Technical & Vocational Education and Training

What is Technical & Vocational Education and Training ?

TVET is defined by UNESCO as “those aspects of the educational process involving, in addition to general education, the study of technologies and related sciences and the acquisition of practical skills, attitudes, understanding and knowledge relating to occupation in various sectors of economic life”. TVET thus equips people not only with vocational skills, but with a broad range of knowledge, skills and attitudes that are now recognized as indispensable for meaningful participation in work and life. Examples of the benefits include self-awareness and self-esteem, and strengthened interpersonal, citizenship, communication and entrepreneurial skills.

What is Competency?

Competency is the vital behavioral skills, knowledge and personal attributes that are translations of organizational capabilities and are deemed essential for success. They distinguish exemplary performers from adequate performers.

In that regard, competencies offer a highly descriptive means of discussing job performance. They go beyond traditional job descriptions because they focus on how employees perform their jobs, not simply on what they do. While job descriptions detail specific tasks, competencies encompass the tangible and intangible abilities employees possess.  For instance, a necessary competency for a marketing professional might be the ability to perform detailed market analysis while another competency might be leadership qualities, as evidenced through the ability to build consensus.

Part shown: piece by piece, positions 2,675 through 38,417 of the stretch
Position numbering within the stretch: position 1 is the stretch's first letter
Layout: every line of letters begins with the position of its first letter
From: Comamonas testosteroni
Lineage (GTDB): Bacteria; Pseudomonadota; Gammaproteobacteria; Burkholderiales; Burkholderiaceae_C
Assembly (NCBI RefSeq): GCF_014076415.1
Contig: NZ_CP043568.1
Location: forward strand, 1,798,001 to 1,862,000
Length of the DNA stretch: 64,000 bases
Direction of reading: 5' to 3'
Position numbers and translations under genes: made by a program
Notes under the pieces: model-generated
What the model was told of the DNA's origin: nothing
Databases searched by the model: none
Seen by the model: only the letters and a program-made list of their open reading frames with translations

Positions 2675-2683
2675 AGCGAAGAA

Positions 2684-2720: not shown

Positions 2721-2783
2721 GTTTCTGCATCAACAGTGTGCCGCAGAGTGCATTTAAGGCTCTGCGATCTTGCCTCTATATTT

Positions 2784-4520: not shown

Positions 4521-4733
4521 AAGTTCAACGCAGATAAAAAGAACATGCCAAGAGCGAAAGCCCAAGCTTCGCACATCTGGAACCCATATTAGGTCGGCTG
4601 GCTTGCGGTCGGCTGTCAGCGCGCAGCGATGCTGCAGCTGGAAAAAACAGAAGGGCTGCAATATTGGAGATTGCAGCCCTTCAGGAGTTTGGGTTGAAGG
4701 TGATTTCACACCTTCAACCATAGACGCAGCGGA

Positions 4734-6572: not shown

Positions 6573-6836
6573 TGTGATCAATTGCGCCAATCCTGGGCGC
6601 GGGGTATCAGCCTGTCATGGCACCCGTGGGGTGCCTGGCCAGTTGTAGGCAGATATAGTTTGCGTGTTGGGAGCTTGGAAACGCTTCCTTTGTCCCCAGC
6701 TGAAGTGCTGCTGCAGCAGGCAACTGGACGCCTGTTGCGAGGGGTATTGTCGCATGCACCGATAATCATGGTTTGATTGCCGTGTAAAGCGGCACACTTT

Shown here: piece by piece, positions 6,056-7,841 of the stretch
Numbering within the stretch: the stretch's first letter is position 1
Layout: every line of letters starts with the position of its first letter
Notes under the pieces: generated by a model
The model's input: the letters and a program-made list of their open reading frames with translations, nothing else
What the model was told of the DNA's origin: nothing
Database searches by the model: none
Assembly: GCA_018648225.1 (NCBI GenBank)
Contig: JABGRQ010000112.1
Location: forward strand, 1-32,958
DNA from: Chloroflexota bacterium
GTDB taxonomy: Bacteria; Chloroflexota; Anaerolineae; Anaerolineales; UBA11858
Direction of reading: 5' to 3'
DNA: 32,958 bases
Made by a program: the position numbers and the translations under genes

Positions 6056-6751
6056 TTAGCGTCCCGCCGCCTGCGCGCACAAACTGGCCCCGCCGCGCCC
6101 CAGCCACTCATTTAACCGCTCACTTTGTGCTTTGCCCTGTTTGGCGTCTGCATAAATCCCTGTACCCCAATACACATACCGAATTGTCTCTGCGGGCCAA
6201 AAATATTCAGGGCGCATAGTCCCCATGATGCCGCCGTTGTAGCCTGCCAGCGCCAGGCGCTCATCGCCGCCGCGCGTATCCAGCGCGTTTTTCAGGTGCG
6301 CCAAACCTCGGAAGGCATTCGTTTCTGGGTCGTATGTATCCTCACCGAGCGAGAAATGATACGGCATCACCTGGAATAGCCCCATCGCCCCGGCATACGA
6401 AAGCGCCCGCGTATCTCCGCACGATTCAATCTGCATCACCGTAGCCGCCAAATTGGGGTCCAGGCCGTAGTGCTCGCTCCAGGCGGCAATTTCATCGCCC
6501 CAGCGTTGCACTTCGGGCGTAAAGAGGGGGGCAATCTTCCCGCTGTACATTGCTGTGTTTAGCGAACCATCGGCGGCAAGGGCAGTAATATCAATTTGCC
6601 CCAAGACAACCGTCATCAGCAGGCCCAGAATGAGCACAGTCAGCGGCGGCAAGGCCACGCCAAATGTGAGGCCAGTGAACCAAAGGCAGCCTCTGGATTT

Components of Competency

There are four  major components of competency:

  1. Skill: capabilities acquired through practice. It can be a financial skill such as budgeting, or a verbal skill such as making a presentation.
  2. Knowledge: understanding acquired through learning. This refers to a body of information relevant to job performance. It is what people have to know to be able to perform a job, such as knowledge of policies and procedures for a recruitment process.
  3. Personal attributes: inherent characteristics which are brought to the job, representing the essential foundation upon which knowledge and skill can be developed.
  4. Behavior: The observable demonstration of some competency, skill, knowledge and personal attributes. It is an essentially definitive expression of a competency in that it is a set of action that, presumably, can be observed, taught, learned, and measured.

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